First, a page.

GRAND RAPIDS, Mich. (WOOD) - On every public school website in Michigan there is a clickable icon to show you how schools are spending your tax money.
"The new state law requires that this information be posted," said GRPS spokesman John Helmholdt. "People were pleasantly surprised that they could so easily access this information."
Target 8 investigators tested whether school districts are as transparent as the law demands by checking to see if districts posted who is earning more than $100,000 per year.
In Kent County, 19 traditional public school districts reported it as required.
Charter schools, though, were a different story.
Only one of them in the county - New Branches - is reporting the required salary information.
"We are an independent charter school," said Pam Duffy of New Branches. "All of us are employees of the school, so we decided to disclose all the salary information for everybody."
Other charter schools report that they have no employees earning over $100,000.
But if they did, most might not report details anyway.
Target 8 investigators found 15 charter schools in Kent County posting statements similar to this one: "The school does not employ any personnel that would be subject to this reporting requirement."
That's because their teachers, administrators, counselors and custodians work for contractors hired by the charter school boards and not for the school boards directly.
Eight of them have contracts with National Heritage Academies , the largest local contractor, headquartered in Grand Rapids with charter schools in nine states.
Officials with National Heritage Academies would not speak with Target 8 on-camera, but said no one earns more than $100,000 in its Grand Rapids-area schools.
But when asked if any corporate office administrators earned that much or more, their spokeperson emailed this reply:
"As a private company, NHA does not provide information on salaries for its employees."
Dan Quisenberry, who runs the state charter school lobbying organization Michigan Association of Public School Academies , told Target 8 investigators that corporate school operators are like private contractors who provide other kinds of services to public agencies.
"There are differences in what's expected of private entities," he said. "You're going to find out what these providers charge the school, but you're not going to know what the mechanic was paid or what the guy who shovels the sidewalk gets paid."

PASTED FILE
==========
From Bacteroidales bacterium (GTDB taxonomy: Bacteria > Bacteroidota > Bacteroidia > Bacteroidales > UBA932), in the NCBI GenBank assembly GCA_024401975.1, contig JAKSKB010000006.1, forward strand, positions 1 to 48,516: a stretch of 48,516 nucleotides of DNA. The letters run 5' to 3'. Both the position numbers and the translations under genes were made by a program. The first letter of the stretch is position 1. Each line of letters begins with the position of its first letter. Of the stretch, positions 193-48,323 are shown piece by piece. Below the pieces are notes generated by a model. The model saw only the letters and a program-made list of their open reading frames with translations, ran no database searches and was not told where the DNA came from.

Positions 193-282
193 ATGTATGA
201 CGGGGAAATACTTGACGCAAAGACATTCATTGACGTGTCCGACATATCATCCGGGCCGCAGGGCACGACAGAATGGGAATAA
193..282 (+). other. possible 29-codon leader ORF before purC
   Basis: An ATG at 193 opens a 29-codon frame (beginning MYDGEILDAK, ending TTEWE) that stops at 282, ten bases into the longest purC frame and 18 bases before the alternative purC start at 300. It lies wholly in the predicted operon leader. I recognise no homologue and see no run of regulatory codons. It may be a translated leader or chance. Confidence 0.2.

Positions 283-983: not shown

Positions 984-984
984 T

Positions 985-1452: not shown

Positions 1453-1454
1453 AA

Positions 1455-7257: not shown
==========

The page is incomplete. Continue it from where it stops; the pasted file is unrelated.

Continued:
But, said the Vice President of the state Board of Education Cassandra Ulbrich, a snow removal contractor is not the same as a vendor running the whole school.
"This is an outside vendor who is taking control over the entire budget," she said.
In a February 2012 letter to charter schools, the Michigan Department of Education said it is expected charter schools report salary information even if the staff is "...employed by a third party or contractors."
But nothing in state law backs that up.
"The public should care," Ulbrich said, "because these are taxpayer dollars that we are talking about."
Traditional schools complain there's one standard of accountability for them and another for charter schools.
"You would think that under the public education umbrella that all public schools, traditional and charter, would be treated equally," said GRPS' Helmholdt. "And that's just not true."
Public charter schools were created in the 1990s to be less bureaucratic alternatives to traditional public schools. Each one is overseen by an authorizer -- usually a university -- and has its own school board.
"They were supposed to be centers of innovation (and) as such the state wanted them to have as much flexibility as possible," Ulbrich said.
Quisenberry argues that the charters are accountable for taxpayer dollars because their boards are "public officials, so their job is to monitor those costs and really look into these things."
Giving charters even more accountability, backers maintain, is the fact parents have to choose to enroll their children.
"I choose to go to this school," Quisenberry said. "I can choose to walk out of it."
But the taxpayer is left out of the accountability chain.
The charter boards are appointed usually by the authorizing body. The taxpayers don't elect them as they do with traditional school boards. And it appears taxpayers cannot get as much information about how some of them are being run as they can with traditional public schools.
"As a citizen you're very limited on the impact and input you can have on a school that might be literally next door," Ulbrich said. "They really get to play by different rules."
And, she said, there is little interest in the state legislature to change that.
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